A key sign that students have considered ‘context’ when developing a website is that they have identified the needs/expectations of the websites end user. Students should be encouraged to undertake research to identify these needs/expectations; this includes the devices that end users are likely to use. As a website is developed students should undertake technological modelling (tests) on devices to ensure that the site is likely to function on those which end users are most likely to use.

  • Question

    Where can I access the AS 93171 assessment?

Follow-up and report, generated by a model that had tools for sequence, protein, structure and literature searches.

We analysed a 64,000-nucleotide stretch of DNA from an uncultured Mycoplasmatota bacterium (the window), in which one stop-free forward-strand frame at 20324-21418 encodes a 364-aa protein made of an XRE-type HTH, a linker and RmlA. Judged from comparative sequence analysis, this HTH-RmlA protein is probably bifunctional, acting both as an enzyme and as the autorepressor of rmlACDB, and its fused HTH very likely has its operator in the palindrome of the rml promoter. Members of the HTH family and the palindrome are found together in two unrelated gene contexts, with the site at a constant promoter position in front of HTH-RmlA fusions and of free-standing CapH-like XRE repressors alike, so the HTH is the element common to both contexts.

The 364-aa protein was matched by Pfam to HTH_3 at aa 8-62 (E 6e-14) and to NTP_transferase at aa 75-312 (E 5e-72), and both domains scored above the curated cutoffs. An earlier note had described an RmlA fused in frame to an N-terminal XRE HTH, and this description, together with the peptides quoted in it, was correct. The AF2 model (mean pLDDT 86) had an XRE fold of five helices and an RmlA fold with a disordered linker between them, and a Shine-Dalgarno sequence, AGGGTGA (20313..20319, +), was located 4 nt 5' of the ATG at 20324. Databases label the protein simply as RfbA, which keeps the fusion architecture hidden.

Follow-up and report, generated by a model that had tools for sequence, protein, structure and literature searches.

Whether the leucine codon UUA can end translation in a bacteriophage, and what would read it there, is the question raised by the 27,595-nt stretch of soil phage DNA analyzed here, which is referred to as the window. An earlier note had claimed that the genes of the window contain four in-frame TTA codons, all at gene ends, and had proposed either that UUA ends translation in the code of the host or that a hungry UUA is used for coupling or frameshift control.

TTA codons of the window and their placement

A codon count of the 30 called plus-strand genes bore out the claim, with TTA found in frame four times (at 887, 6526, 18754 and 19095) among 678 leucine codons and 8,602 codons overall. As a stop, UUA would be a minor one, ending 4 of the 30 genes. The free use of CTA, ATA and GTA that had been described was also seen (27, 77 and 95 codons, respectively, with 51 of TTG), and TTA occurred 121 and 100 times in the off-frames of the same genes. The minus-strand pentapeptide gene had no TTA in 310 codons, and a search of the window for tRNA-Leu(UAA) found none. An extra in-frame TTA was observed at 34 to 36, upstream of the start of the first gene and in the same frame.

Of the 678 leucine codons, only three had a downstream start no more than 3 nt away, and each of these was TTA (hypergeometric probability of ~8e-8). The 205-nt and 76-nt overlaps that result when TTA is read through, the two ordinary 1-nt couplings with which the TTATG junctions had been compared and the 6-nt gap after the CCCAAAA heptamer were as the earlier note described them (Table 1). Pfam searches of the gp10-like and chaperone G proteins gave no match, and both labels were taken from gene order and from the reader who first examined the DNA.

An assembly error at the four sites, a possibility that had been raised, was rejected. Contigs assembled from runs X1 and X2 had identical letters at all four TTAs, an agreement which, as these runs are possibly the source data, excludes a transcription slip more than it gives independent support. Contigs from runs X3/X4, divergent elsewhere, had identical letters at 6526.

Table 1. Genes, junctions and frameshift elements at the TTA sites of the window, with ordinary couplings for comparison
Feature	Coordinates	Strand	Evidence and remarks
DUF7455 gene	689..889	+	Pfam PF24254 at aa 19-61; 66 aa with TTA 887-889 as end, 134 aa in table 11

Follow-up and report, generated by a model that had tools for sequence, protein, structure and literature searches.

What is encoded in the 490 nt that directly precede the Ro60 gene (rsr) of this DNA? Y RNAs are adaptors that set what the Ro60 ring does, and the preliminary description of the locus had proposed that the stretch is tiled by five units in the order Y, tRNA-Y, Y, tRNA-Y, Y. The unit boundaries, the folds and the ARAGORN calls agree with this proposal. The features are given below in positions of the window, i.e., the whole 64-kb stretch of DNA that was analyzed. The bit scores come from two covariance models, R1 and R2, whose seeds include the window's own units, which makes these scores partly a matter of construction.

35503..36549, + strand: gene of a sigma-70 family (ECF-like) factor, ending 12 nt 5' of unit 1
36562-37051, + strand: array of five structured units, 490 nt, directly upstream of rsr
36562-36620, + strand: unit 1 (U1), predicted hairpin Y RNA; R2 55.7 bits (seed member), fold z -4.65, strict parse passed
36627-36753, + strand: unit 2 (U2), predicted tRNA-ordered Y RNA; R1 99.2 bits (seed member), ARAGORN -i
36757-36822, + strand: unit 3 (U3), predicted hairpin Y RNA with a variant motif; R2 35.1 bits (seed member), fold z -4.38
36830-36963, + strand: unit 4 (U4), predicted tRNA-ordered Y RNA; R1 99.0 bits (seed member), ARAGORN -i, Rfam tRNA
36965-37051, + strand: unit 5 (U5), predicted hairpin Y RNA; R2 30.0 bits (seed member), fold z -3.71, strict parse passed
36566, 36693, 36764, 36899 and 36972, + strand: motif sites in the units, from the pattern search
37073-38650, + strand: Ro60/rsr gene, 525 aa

Answer

    The resources available for "AS 91371 Demonstrate understanding of advanced concepts from computer science" are here. There are also other resources for this standard on the NZQA website page, Technology Subject Resources. On this page, see Resources for externally assessed standards level 2, and the links to the assessment specifications and the assessment reports. 

  • Question